Wednesday, November 21, 2007

Support your local coppers

I was reading Monday's copy of The Guardian today (it's good to be the last to know) and absorbed with some interest an article about our decreasing use of low-denomination coins, a.k.a. coppers, or as cockney pseudo hardknob Danny Dyer would probably refer to them in an artificially gravelly voice on a budget satellite channel production, 'the bacon'. Apparently people have become so carefree with pennies that £65m worth have gone missing (that's pennies alone. Not Penny's alone - that means something altogether different. And anyway, aren't we all alone when finally confronted with our inevitable death?) and 5.9m of them are down the backs of settees. Not mine though - I've checked and I could only find four. Maybe the other 5,899,996 are down yours. When all of the tuppences estimated to be missing are also included, it's another £25m, totalling a cumulative £90m in lost coppers. Frika.

The timing of this article is most interesting, given that I've recently started my own copper-retention system by emptying them from my pockets into a disused milk bottle. The long-term aim is, of course, to collect so many that it'll eventually be worth taking the coins to empty into those machines you find at places like ASDA. It weighs them all and then gives you a receipt which can be spent in the shop: an ingenious idea. I remember my Auntie giving me three handbags of coppers she'd collected over a 15 year period in her Chorley home and saying I could redeem them for personal use. Having taken them to ASDA and exchanged them for a receipt worth £58, I promptly secured a sizeable haul of beer, light pastry items and wet wipes. Extremely worthwhile.

All of these people striving for plastic dominance at our checkouts and all those responsible for proposing the silly Oyster Card-like system for low-value convenience products should hang their heads and respect the coppers. Obviously they have their downsides, such as making your hands smell and weighing your pockets down to an extent that persuades you you've developed a hernia (and I don't just mean a photo of one), but they're also oddly comforting. Have you ever sampled that climactic, perverse thrill of being asked for 42p for a Twix in a shop and managing to give the exact amount after counting up piles of pennies? It's usually followed with a wild smile from the till operator who, thanks to such copper deliveries, no longer has to be plagued with fear about asking their miserable, abrupt supervisor for new bags of change. It's a sensation almost unmatched in modern civilisation as we all grow increasingly detached from our common essence. Coin circulation is one of the last bastions of human interaction, however indirect it may be. The constant exchange of bacteria and dried skin we anonymously exchange keeps us all connected. If these bad plastic bastards have their way then even that will die out.

7 Comments:

Blogger Dan said...

Lovely stuff.

I went down to the local Coinstar (TM) machine with my haul recently, only to find it was out of order (in the sense that it wasn't working rather than it called me a prick and tried to punch me).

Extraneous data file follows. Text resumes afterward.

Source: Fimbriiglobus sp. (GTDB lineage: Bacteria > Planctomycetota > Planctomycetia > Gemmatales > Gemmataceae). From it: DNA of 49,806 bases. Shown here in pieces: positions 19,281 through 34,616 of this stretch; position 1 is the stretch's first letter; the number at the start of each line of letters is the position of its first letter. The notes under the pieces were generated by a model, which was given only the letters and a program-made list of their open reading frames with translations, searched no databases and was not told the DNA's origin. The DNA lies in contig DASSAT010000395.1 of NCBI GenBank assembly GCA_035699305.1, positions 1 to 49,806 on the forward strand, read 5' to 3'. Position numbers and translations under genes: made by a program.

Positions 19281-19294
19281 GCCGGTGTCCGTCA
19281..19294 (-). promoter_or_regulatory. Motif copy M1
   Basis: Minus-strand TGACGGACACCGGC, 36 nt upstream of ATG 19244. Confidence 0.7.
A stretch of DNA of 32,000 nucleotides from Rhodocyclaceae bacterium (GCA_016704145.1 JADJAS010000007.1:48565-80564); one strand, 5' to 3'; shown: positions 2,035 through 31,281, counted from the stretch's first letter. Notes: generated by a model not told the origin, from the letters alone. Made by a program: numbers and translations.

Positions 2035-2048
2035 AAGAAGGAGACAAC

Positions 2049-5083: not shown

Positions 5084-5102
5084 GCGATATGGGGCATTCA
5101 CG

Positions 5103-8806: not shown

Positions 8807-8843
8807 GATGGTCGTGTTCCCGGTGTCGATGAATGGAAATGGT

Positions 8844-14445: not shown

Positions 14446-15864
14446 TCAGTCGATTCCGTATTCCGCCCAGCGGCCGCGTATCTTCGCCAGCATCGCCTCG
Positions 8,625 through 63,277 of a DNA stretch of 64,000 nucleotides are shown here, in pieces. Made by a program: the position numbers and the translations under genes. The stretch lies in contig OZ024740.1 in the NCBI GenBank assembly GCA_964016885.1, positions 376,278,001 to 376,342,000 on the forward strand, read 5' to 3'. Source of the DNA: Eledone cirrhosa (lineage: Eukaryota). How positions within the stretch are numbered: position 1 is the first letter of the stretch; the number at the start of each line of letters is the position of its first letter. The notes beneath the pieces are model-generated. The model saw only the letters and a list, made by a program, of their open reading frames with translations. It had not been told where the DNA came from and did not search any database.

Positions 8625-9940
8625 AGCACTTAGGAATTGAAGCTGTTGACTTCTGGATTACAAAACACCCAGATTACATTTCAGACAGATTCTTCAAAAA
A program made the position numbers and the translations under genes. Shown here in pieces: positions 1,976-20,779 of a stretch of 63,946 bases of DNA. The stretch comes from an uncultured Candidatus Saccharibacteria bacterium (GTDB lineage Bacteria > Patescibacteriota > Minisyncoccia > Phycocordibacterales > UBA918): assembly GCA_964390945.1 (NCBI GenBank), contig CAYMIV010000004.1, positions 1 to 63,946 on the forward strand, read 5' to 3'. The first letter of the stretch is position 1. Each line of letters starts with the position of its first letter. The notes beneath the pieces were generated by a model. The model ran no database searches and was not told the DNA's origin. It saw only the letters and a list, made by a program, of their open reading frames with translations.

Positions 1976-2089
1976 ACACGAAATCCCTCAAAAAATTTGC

The chap in the Sainsbury's t-shirt (strange because I was in Morrisons) said "it's foooooool pal, dead popular, ken". I'm sure that proves some kind of point.

It's always hard to know when to take the plunge and cash in on the coins; I usually try and leave it until I can't really lift the Coinstar (TM) bag that came with the local freesheet without feeling slightly breathless.

On getting back from holiday last year, I had £1.63 in the bank and two days to go until pay day. My Coinstar (TM...alright you get the idea) collection, you could say, saved my life (or enabled me to buy cheese, bread and two Pot Noodles, at least).

This comment sounds like a collection of quotes from housewives for the Coinstar website.

Talking of which, taken from there:

"Coinstar wants to find the UK equivalent to Edmond Knowles who cashed in 1,308,459 pennies (or $13,084.59) at his local Coinstar machine."

Edmond, I salute you. I wonder if he looked nervously over his shoulder and felt a pang of guilt at ignoring the 'Donate to Charity' option like I do?

And finally, given the 6% that Coinstar take, what denomination really isn't worth putting through the machine? I draw the line at 10p.

Crivens, I didn't think I had so much to say about Coinstar.

November 22, 2007 9:59 am  
Blogger Paddy said...

It must be quite demoralising to be told a Coinstar(TM) machine isn't able to deal with you because it's so popular. It's like the way everyone tried to tag on to The Popular One at school, when in reality The Popular One had little time for anyone. You don't mean anything to the Coinstar (TM) machine - it'll just use you for your copper and spit you back out.

Putting a 10p piece in a Coinstar machine would be totally nuts. Coins that can actually pay for an item should never be sacrificed to the 6% system. Wham, Irn-Bru and Bruiser bars are still widely available for 10p, and provide a better use of the coin than exchanging it for 4p credit.

I wonder if Coinstar will die a slow, painful death now that the soaring price of copper has rendered 1p and 2p pieces less valuable than the actual copper they're made of?

November 23, 2007 10:11 am  
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